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Renderings Revealed as Jersey City Approves Two New Waterfront Towers

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50 and 55 Hudson Street displayed on the skyline. Image courtesy of Handel Architects.

Leading New York real estate developer and financial giant Goldman Sachs is building two skyscrapers that will add nearly 2,000 units and significant retail space along two of Jersey City’s last undeveloped waterfront blocks. given permission to build.

At its September 20 meeting, the Jersey City Planning Committee unanimously approved two applications for 50 and 55 Hudson Streets.Jersey Diggs report On a proposal earlier this month that it would be built on land owned by a Goldman Sachs subsidiary.

Goldman Sachs Towers Jersey City
site map. Image courtesy of Handel Architects.

The company has had a significant presence in Jersey City since opening its headquarters at 30 Hudson Street in 2004. Spanning approximately two acres and including a garage and flat parking lot, the current property was intended as office space when the company purchased the land decades ago.

50 Hudson Street Jersey City Rendering
50 Hudson Street. Image courtesy of Handel Architects.

Goldman is currently teaming up with New York-based Tishman Speyer to build two residential towers that, according to developers, will complete the Colgate Redevelopment Area. Both towers were designed by Handel Architects, with Marquette Higgins Steve the architect of record, Meliro Bauer Kalman Landscape his architecture.

In total, the two developments will house 1,941 rental units. The first stage will be a 58-story high-rise tower at 55 Hudson Street, set at 637 feet at its highest point, with a six-story plinth.

55 Hudson Street Jersey City Rendering
55 Hudson Street. Image courtesy of Handel Architects.

The first part will consist of 1,017 residential units, divided into 298 studios, 514 one-bedroom, 203 two-bedroom and two three-bedroom spaces. A total of 62,749 square feet of retail will be located on the Hudson Street side of the building under the plan and will include one large double-height retail space.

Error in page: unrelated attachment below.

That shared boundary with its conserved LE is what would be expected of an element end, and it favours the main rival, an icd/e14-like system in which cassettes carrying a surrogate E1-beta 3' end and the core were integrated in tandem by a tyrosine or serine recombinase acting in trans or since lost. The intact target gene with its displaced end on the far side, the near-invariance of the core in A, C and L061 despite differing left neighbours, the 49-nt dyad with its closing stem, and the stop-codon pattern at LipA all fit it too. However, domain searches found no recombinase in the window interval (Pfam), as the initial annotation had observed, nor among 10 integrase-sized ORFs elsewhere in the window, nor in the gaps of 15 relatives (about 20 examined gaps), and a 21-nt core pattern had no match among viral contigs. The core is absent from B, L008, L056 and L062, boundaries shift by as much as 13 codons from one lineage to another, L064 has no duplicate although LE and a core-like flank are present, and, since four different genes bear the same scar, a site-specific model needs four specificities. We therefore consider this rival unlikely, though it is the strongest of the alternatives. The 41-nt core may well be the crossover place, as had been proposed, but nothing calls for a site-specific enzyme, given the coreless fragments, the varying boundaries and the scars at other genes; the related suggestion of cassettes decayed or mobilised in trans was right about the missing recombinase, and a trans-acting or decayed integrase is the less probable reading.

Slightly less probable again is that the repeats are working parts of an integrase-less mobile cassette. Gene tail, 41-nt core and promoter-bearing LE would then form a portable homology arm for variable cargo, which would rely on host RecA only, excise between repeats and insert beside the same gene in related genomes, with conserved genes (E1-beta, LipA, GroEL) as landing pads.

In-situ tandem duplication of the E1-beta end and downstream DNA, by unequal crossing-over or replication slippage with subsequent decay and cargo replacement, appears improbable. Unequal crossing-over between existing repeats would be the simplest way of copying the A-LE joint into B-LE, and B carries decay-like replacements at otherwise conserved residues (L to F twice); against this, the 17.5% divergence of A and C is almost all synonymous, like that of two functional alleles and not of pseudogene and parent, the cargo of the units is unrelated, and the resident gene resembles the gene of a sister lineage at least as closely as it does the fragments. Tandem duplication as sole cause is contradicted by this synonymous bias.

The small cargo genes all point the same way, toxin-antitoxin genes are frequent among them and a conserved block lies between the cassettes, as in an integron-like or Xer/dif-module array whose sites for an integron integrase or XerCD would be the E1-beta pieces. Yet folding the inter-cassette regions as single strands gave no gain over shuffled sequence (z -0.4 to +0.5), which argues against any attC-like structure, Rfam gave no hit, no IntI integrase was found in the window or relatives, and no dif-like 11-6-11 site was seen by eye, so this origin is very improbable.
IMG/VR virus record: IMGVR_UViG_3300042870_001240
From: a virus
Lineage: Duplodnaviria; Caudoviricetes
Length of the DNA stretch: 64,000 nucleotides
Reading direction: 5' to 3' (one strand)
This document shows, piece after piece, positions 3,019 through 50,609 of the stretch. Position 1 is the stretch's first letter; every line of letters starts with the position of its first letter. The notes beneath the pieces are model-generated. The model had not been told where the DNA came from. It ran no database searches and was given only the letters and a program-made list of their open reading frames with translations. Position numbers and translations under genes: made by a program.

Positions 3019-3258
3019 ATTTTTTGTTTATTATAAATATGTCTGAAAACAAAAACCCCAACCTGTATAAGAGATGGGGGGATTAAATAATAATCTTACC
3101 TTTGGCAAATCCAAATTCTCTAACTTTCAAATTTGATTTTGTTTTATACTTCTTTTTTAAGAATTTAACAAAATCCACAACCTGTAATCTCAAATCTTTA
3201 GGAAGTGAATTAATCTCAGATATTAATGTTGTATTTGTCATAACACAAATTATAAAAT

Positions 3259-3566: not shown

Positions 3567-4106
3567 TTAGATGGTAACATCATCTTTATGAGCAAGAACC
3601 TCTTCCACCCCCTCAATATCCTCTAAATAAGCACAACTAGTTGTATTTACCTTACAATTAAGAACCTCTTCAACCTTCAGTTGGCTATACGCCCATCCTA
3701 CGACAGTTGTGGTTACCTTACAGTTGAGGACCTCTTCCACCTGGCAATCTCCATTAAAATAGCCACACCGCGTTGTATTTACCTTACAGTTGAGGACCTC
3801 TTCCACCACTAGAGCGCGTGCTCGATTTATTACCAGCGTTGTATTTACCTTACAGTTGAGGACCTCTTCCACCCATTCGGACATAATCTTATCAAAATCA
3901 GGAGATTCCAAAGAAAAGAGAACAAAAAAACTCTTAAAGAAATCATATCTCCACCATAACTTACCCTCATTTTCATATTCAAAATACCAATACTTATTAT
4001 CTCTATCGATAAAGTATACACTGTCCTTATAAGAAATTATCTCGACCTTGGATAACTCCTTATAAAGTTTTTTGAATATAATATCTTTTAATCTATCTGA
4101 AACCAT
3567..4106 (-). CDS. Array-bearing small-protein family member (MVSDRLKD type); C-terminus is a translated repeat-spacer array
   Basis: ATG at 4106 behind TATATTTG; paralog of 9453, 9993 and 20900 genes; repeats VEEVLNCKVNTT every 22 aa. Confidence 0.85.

A new parking garage with 378 parking spaces, including 539 bike racks, will be constructed under the 55 Hudson Street section. This section includes the 7th floor amenity deck with outdoor pool, tennis court, dog run, garden area and grill section. His 57th floor at 55 Hudson will also feature an amenity space that includes indoor and outdoor areas.

goldman sachs towers jersey city rendering
50 Hudson Street waterfront rendering. Image courtesy of Handel Architects.

The second phase at 50 Hudson Street will repurpose the existing 467-space garage and add a 42-story tower with a 476-foot high two-story podium. The 924 units in that section will also be convoluted into smaller units, divided into 259 studios, 444 one-bedrooms and 221 two-bedrooms.

Both planned towers will feature a glass heavy exterior with substantial curtain wall sections and podiums with brick components. The towers will feature crowns with dark silver-blue vision glass and will be built offset from each other. That means the east-facing residences in both buildings boast views of Manhattan.

Morris Street Plaza Jersey City
Rendering of Morris Street Plaza. Image courtesy of Handel Architects.

55 Hudson Street includes a plaza along Hudson Street across from the tracks of the Hudson-Bergen Light Rail, so the plan appears to make the city a little prettier. The 50 Hudson Street development will expand the existing retail and seating area along Morris Street by approximately one acre, and the space will host presentations before the Board envisions programs like Farmers in His Market.

The Hudson River Waterfront Walkway near the site will be slightly improved under plan, as stadium seating areas will be added near the project. Neither proposal would require any changes from existing zoning, as the plans would not trigger Jersey City’s plans. Inclusive Zoning Ordinancedoes not include affordable housing components.

During the public comment portion of the conference, several speakers, including Ward F Alderman Frank Gilmore, petitioned the Board for what they perceived to be a lack of review, proper notice, and community input. asked to postpone the ballot.

Attorneys for the developer did not give a timeline during the meeting as to when construction on the tower might begin.

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